For dinner last night I had big plans for some vegan mac & cheeze. Something comfy and cozy for the end of the weekend right? In theory, it would’ve been great. But in actuality, its the lat thing either of us wanted. If I refer back to what I’m reading about macrobiotics, all of the food I’d been eating this weekend had been very constricting and salty and to balance that out I was craving a lite meal, with lots of veggies that were more expanding (think, veggies that grow UP, rather than down, like a potato or root veggie). So we ditched the menu plan and zoned in on the veggies. If it was green, I NEEDED it. I had a big plate of steamed baby bok choy (LOVE), kale, zucchini and yellow squash and some cremini mushrooms. All drizzled with some Ume Plum vinegar (or hot sauce on the kale, i’m obsessed, what can I say). It was still the perfect way to end our weekend and ended up being more satisfying and cozy than the mac & cheeze would’ve been.
I’m maintaining my trend with an early morning Body Pump sesh, a lunch bag full of oats, veggies and grains and DECAF. I’m still recovering a bit from all the sludge I put into my body this weekend, but I feel pretty good about stopping the cycle the best way I knew how and learning its ok to simply start over sometimes.
How was your weekend friends? Ever take a close look at how what you’re eating really makes you feel? For the first time ever, the veggie wrap at Sheetz made me feel awful and really made it hit home how much better I feel after just a week of greens, grains and healthy eating.
July 23, 2012
I made another round of roasted cauliflower this weekend. I chose to spare you the details
I also made homemade peanut butter cups.
But I just wouldn’t be me if I didn’t do things like this.
These are adapted from yet another recipe from The Kind Diet, by Alicia Silverstone. I’m not quite satisfied with them yet, but they’re still a tasty little indulgence sitting in my freezer.
With all of the food posts lately, ya’ll are going to think the only thing I do anymore is eat But I’ve been getting myself back into the routine of working out again, slowly. Last week, I got in 3 of my shorter training runs, my yoga and both days of lifting. I did a run/weights set on Saturday, which is unfortunate in that the only thing I wanted to do on Sunday then was enjoy the gray morning with some coffee, enjoy the afternoon watching some TV with my husband and avoid the humidity in the evening. But I did all of this, with the little sneaky thought in the back of my mind that come today, I’d get my long run in. Did I? Didn’t I? You’ll have to wait until next Marathon Monday to find out :-O
Food wise, you’ve noticed I’ve been focusing a lot on some simple lunches filled with veggies and my dinners have been summer influenced dishes. Lots of corn on the cob and salsa, plus a self-indulgent night of easy peasy pasta with some veggie- meatballs. I’ve been pretty boring in the kitchen lately, but I find a lot of times in the summer, that happens with me. I’m not in the mood to cook or be creative, to turn on my oven and bake something fun. Right now its all about lite and fresh and SIMPLE, which is pretty healthy too, as it turns out. We’ve been starting to get antsy though with our menu planning, so I feel a cooking change coming on soon.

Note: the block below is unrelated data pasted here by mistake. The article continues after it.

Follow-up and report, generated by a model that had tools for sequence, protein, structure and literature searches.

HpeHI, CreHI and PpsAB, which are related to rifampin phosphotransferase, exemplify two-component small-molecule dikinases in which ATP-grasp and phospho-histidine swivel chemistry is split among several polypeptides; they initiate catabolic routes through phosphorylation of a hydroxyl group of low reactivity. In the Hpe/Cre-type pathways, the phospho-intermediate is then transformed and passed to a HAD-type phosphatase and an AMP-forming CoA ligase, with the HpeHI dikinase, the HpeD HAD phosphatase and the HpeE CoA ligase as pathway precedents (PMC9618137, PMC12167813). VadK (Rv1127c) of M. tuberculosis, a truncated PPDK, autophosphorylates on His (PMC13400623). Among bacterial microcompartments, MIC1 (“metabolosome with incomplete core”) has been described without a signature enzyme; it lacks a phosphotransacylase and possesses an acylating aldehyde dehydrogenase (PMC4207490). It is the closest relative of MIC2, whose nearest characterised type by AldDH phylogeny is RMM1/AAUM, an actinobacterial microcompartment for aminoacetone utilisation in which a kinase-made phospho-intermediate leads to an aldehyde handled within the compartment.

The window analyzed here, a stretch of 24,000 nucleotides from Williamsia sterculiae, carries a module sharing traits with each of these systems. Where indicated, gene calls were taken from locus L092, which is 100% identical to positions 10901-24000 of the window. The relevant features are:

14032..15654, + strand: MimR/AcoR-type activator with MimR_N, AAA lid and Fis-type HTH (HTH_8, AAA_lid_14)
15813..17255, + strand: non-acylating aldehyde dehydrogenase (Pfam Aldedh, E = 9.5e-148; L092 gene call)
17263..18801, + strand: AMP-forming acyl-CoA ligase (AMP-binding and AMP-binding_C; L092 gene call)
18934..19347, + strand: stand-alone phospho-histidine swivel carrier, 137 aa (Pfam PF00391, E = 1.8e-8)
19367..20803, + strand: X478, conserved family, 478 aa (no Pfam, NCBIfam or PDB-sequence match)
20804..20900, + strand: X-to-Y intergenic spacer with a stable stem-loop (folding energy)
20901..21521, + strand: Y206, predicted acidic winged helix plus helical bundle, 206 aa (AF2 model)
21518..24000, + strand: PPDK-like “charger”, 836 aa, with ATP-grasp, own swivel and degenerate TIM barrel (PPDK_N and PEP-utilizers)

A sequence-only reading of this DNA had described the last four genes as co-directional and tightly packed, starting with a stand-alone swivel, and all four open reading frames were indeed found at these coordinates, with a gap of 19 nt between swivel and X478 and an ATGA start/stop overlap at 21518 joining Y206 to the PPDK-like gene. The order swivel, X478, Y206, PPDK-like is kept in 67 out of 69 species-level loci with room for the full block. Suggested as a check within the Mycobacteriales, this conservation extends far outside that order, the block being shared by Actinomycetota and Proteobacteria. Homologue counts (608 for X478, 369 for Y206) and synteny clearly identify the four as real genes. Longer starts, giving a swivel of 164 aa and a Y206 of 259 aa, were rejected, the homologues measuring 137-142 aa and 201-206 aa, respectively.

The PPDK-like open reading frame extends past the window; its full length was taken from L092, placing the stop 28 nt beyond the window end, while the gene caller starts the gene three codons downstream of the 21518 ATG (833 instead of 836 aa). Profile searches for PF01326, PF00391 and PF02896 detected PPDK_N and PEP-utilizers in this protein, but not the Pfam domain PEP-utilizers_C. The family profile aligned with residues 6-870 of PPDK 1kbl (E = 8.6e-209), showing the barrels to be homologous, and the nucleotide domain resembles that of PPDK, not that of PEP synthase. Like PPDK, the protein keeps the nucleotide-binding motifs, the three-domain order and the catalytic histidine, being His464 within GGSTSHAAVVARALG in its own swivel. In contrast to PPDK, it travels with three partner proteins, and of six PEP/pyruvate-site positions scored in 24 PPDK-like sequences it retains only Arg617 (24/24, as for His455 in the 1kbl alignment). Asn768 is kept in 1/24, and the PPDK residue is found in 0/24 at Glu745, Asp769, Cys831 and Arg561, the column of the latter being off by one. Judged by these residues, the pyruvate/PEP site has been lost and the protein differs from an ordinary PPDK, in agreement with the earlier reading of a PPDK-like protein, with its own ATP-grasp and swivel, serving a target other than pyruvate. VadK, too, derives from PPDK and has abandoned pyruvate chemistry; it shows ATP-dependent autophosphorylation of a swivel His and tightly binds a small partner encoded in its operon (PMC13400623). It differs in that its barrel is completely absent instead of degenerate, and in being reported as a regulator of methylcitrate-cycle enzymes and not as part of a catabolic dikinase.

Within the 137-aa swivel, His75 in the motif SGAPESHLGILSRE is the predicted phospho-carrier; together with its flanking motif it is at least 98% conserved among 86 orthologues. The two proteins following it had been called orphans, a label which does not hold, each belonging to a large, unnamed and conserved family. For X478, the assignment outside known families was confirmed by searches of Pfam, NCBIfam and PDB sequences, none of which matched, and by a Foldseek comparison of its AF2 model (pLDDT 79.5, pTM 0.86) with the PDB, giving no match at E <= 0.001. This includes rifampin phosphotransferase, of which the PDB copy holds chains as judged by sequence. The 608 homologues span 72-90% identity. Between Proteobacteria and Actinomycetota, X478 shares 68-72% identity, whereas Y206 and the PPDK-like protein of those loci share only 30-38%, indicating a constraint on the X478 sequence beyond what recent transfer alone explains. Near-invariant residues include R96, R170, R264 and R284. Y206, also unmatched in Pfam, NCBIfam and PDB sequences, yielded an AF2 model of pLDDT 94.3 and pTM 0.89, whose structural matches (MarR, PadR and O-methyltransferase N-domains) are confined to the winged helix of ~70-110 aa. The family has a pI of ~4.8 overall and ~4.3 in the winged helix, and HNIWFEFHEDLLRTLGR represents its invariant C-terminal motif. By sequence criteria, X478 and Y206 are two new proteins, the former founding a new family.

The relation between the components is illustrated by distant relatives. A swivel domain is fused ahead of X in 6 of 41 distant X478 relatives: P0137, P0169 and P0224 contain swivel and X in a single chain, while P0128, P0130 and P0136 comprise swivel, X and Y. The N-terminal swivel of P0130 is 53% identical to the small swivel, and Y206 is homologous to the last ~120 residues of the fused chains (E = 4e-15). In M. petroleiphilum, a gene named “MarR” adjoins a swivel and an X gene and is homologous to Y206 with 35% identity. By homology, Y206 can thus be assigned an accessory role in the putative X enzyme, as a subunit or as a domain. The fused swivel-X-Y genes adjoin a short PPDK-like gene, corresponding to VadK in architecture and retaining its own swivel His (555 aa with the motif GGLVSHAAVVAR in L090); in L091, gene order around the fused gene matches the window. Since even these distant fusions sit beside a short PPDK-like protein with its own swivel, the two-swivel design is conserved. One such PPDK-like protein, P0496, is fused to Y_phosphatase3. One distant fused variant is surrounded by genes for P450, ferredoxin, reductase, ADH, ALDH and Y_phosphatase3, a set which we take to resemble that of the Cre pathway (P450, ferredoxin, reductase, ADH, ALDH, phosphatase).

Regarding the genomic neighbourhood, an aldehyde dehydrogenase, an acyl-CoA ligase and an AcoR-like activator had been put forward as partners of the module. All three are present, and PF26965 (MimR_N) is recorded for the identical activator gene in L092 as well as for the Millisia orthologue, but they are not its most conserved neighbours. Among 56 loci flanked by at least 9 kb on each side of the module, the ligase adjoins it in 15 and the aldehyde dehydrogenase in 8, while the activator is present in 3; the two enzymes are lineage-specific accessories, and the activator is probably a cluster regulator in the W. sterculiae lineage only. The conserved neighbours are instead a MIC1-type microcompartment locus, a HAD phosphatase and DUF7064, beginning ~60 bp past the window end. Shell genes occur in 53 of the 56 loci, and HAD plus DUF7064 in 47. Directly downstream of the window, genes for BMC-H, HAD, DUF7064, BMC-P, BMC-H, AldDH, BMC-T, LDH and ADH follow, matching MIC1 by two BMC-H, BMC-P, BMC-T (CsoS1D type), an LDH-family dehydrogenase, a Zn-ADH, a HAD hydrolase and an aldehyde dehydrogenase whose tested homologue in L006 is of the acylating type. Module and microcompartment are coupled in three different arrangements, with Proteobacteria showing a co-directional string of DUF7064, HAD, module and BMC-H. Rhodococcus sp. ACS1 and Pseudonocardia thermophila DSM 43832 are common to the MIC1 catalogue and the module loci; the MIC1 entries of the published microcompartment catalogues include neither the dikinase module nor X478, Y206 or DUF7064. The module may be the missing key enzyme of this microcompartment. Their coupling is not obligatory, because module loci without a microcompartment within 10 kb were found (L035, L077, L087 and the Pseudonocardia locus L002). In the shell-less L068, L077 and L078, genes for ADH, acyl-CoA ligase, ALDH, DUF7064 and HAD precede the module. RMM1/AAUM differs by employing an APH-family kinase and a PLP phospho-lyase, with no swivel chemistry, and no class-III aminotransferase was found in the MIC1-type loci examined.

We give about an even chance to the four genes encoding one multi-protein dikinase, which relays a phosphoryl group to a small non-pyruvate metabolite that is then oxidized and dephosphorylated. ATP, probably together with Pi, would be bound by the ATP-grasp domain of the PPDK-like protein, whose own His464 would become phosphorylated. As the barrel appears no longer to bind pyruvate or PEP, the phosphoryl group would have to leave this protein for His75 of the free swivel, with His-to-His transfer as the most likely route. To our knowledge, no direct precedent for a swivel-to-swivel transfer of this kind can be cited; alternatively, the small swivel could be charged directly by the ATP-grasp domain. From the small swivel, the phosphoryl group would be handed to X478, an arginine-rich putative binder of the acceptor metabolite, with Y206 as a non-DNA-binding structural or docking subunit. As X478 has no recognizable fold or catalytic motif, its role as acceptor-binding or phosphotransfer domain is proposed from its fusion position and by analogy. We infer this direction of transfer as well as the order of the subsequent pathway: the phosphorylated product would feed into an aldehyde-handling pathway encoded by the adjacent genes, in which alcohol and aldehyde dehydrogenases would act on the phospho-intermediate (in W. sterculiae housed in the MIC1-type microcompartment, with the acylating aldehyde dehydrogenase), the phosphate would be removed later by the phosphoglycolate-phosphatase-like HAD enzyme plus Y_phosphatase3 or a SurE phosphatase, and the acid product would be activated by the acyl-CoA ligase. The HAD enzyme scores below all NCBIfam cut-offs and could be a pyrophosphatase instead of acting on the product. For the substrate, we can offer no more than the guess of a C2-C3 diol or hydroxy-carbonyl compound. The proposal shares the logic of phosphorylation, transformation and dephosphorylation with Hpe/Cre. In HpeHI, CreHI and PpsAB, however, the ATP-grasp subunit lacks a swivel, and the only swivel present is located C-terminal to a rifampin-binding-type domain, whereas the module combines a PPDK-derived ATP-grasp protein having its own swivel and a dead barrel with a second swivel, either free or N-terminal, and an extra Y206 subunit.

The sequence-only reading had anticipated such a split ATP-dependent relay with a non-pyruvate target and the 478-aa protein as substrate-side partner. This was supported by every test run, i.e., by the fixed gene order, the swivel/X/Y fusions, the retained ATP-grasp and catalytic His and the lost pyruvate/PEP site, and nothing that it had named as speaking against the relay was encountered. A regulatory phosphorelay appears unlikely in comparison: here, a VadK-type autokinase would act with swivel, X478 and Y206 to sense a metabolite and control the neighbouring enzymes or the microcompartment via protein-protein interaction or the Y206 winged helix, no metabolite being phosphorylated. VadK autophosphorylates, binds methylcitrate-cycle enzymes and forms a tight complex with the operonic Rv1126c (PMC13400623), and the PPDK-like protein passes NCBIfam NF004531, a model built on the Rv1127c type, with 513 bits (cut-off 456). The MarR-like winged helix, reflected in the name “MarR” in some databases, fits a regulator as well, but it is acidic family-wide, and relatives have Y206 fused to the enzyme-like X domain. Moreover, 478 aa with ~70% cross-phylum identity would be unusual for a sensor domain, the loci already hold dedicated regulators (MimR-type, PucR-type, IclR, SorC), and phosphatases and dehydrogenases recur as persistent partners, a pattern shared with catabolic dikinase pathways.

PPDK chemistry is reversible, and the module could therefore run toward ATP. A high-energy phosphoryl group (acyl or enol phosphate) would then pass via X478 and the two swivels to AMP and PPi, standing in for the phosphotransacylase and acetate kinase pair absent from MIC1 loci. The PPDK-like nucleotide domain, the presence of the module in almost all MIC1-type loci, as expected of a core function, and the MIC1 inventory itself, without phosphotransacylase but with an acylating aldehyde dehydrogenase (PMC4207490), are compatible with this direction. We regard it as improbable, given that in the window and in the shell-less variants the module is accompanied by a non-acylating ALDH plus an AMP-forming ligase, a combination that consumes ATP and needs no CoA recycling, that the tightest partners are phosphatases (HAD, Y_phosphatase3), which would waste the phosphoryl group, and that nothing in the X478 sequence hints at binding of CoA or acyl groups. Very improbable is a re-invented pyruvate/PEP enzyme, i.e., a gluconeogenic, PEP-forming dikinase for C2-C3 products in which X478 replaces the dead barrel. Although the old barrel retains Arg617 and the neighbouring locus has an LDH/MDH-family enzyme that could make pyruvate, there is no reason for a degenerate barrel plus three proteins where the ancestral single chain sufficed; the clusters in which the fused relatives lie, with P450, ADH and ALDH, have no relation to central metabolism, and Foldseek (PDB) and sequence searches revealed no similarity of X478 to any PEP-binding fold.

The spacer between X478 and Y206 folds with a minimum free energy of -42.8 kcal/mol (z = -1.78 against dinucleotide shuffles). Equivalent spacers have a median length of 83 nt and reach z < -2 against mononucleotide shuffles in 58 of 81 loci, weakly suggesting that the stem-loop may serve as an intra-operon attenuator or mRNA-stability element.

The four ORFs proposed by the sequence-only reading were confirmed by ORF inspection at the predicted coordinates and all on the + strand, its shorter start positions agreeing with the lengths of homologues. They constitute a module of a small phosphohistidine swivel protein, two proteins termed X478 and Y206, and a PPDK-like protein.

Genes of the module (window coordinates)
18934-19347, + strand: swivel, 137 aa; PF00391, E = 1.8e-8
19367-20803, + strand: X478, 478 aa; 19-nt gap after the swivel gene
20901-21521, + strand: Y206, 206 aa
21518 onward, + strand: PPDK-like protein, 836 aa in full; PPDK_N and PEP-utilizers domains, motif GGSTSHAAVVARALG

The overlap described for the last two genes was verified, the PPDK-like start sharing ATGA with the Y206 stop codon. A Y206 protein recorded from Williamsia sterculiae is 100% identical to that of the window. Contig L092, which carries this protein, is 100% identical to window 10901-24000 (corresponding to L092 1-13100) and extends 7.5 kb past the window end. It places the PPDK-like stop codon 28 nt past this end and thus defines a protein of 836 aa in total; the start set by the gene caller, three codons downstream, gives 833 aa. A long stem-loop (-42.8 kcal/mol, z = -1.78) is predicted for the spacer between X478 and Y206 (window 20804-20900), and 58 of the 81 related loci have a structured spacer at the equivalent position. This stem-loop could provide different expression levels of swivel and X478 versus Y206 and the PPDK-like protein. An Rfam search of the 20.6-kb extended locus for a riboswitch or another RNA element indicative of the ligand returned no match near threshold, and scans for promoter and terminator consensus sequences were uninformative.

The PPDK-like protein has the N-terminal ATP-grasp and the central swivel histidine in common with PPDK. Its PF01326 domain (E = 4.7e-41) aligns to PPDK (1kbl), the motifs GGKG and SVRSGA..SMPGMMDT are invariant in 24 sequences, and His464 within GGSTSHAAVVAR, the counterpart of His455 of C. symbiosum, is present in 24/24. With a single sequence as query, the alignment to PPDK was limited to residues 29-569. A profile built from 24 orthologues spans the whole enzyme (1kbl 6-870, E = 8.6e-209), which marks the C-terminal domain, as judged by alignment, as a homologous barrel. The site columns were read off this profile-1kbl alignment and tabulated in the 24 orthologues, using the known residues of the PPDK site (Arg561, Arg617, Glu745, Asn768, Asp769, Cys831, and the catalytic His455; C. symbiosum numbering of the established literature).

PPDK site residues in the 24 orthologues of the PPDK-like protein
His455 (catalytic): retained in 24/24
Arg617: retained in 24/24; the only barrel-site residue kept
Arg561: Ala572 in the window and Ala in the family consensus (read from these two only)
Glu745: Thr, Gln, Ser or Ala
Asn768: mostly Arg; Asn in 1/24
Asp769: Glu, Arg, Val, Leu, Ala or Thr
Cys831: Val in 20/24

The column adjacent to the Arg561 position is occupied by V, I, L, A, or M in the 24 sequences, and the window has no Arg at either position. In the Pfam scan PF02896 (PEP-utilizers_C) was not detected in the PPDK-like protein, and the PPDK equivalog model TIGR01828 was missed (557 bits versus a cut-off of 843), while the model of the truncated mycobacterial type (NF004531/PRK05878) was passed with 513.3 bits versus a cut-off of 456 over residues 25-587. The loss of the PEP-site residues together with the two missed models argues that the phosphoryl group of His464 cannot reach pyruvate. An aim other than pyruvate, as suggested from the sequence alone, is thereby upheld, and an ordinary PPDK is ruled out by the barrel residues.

What about ya’ll? What do you do to get out of a cooking rut?
July 19, 2012
So, i’m still on this roasted cauliflower kick.
Yesterday I served it as a topping for a vegan ceasar salad and loved the pairing. Today, with some leftover noodles from last night’s dinner, I opted for a pasta salad of sorts.
I wanted to keep it really simple, so I paired the noodles and roasted cauliflower with some red kidney beans and a whipped up easy sesame vinaigrette. The result was a lite tasting, but delicious pasta salad that had some protein and veggies, and was perfect for a summer afternoon lunch.
The sesame dressing was simple combination of sesame and olive oil, rice wine vinegar, salt, pepper and garlic powder to taste and was a great compliment to the whole thing. I almost think its a salad worth serving at a picnic!
Short and sweet today! Hope everyone’s week is going well
July 16, 2012
It was definitely a “for me” kind of weekend, I got a hair cut, indulged in some retail therapy, took advantage of a networking opportunity (super outside my comfort zone) and here’s what else.
As for my Marathon Monday updates, I’m slowly getting back into the swing of things (which is scary to me, because I don’t have much time to do things slowly if I want to run this Marathon). I’m going to train for it to the best of my ability, but be smart about it too, if I’m physically not ready to run the race, I have to be mentally ready to admit that. It doesn’t mean I’ll give up on the goal, its been made public as a point on my bucket list. But for now, I’ll do my best to continue training.
Workouts: For the past week, I’ve been battling what I think is a mild case of Bells Palsy. Its a scary phrase to say partial paralysis of the face. I woke up Monday morning last week and suddenly only half of my smile worked and I couldn’t close my eye fully. This results in a sore jaw (if I try to talk a lot), sloppy eating (corn on the cob becomes dinner and a show for B) and a dry eye from time to time. Add to all of this a frustrating inability to fall asleep and then STAY asleep, last week was rough, on both the psyche and the workout plan. The good news is that first and foremost, it will get better and it IS getting better. I still feel like a jerk that I can’t smile when I go out in public and its also kind of embarrassing, and even though I can close my eye, I can’t do it fully yet. So its really just a waiting game. My friend said “when someone up there decides its time for you to slow down for a bit, they make sure you do”. And that’s really what i’m taking this experience as. Trying to rest a little more than usual and let my body heal. BUT, that’s not to say I haven’t tried to stay healthy. Although I haven’t made it to the gym for my body pump or yoga sessions (hoping to change that this week!), I lifted at home and did some yoga at home each day. I also made it to the gym for some cardio, since running outside isn’t too smart, given my eye (the breeze dries it out and if something gets in my eye, I can’t blink it out). I got in a good elliptical and treadmill workout. Despite not being my favorite piece of equipment for distance runs, the treadmill does help with speed intervals .